The Opel GT was fun car from the 70’s that was an economical and sporty alternative to the muscle cars of the day. My dad had one of these for a number of years and I wanted to build one for him.
I’ve never been a fan of AMT kits and this one represents an era when I formed my original opinion. For the most part, the kit was decent. There were a few details that I had to correct that accounted for the majority of the time I spent preparing the body. The rear “trunk” panel had a ridge rather than a panel line. I had to sand them flat and then scribe new lines. The windshield trim was also very vague. In the process of correcting the trim, I lost a little detail and decided to fill in the seam with filler and make my own panel lines. It is not entirely accurate, but my work made it look like it was meant to be that way.
Other than the engine, the under-hood detail was non-existent. To hide that fact, I painted everything black which allows the engine itself to be the highlight under the hood.
Beyond that, this kit also represents a few first for me. I had only recently started using Tamiya spray paint. This was the first time I used the spray can along with Tamiya clear. I sprayed the clear with my air brush. Sanding the clear was a bit of a challenge. I let the clear set for over a month before I started sanding. After a couple of weeks, the paint was still soft. Once it fully hardened, it was difficult to sand.
The other first for me, was using black wash that I made using artists paint and thinner. I’ve used black washes before, but not for accenting panel lines. I was a bit reluctant at first, but once I understood how easy it was to clean up (mineral spirits will not strip the acrylic paint), I had no problems. The results were subtle panel lines rather than the harsh lines that are created by using markers. I was pleased.
Lastly, I used black ZING! embossing powder for interior carpet.
In the end, I was very pleased with this project.
Early body work.
The engine was painted and partially assembled early in the process
Watching House and using an assortment of files, and scribe tools were used to correct the body seams.
First coat of primer to check my work.
Posing with other current projectgs.
More body prep.
At the point, automotive body filler found it’s way on all of my active projects. The Opel needed some work around the windshield.
I like using my dehydrator for curing body filler.
I also had a chance to try out my new Tamiya surface primer. It fills gaps and dries very hard.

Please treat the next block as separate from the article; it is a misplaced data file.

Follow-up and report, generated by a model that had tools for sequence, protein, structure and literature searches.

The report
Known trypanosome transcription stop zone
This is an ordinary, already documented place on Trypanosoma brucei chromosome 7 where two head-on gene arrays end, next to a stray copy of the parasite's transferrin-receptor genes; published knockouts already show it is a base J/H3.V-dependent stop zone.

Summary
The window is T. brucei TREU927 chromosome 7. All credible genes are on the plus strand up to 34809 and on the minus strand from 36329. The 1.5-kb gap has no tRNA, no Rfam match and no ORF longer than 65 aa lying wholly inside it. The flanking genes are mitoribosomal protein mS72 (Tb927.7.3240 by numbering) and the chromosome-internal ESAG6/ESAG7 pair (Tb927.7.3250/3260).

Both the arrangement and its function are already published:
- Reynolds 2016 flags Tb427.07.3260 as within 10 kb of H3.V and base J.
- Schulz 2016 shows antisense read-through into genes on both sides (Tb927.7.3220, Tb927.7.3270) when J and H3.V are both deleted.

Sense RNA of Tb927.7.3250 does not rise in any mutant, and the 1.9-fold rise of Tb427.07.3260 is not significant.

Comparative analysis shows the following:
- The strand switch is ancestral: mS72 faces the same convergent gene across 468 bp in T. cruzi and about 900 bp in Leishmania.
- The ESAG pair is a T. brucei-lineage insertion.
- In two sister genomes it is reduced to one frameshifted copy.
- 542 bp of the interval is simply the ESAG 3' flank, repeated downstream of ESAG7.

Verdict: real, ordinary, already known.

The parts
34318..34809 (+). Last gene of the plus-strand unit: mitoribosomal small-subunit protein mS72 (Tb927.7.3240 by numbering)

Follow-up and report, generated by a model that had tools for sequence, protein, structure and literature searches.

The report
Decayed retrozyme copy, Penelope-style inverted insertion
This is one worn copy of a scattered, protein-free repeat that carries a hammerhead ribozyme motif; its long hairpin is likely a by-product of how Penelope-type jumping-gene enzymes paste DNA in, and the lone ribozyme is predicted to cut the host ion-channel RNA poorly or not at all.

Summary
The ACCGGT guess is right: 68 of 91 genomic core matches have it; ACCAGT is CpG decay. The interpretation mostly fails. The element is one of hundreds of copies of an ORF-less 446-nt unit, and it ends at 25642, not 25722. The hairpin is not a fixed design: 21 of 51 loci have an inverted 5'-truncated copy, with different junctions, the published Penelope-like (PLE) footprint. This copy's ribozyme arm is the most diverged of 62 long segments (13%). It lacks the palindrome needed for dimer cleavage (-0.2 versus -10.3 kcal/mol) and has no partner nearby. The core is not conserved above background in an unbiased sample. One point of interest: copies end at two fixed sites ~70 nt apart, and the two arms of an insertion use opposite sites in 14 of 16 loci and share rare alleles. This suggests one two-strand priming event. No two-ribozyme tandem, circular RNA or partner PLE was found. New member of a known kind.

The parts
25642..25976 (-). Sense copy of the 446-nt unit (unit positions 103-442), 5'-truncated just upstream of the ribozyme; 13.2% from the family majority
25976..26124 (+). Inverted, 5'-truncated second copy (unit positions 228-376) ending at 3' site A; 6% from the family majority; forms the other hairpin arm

Aluminum paint for the transmission and exhaust.
The engine bay is a disappointment in this kit. Other than the engine, there is no detail work. That part aside, I found that the fit between the wheel well and fender prevented the body halves from coming together.
I used a marker to outline the edges of the fender and ground down the plastic to allow the two halves to fit.
Perfect! Before there was an 1/8″ gap between the lower and upper part of the nose.
The first dusted layer of paint.
This is only my 3rd attempt at using Tamiya spray paint. I was very pleased by the results.
Tamiya clear sprayed through my airbrush for both the Opel and Charger.
Detail painting the wheels can make a huge difference in the final look. These wheels are no exception.
The pieces are all coming together.
More time in the dehydrator.
The wheels received a black wash to finish up the detail work.
A quick test fit of parts.
More test fitting.
The project is shaping up!
Current project pose.
I masked and sprayed some black detail.
Sadly, the masking tape distorted the clear. It was still very soft. I was able to knock out the distortion by setting the parts in the dehydrator for a couple of days.
I noticed that the chassis needed a little more black paint.
I used black ZING! to simulate carpet in the interior.
The interior looks great through the windows!
The chassis is masked and the details are sprayed.
The body is masked and ready for trim paint.
With the trim paint and a chassis detail completed, I was looking forward to wrapping up this project.
I successfully used Bare Metal foil on the reverse light and gas filler cap along with the side indicators.
Bare Metal foil and Tamiya clear orange wrapped up the front indicators.
The body and bumpers are permanently attached.
I used aluminum tubing to dress up the exhaust tips.
I was very pleased with the look of the tips.
Bare metal foil helped finish the door handles.
I used a wash of oil paint and thinner. This was the first time I’ve tried to accent panel lines so I was a bit nervous.
Attaching the license plate decal is usually the last thing that I do indicating a finished project.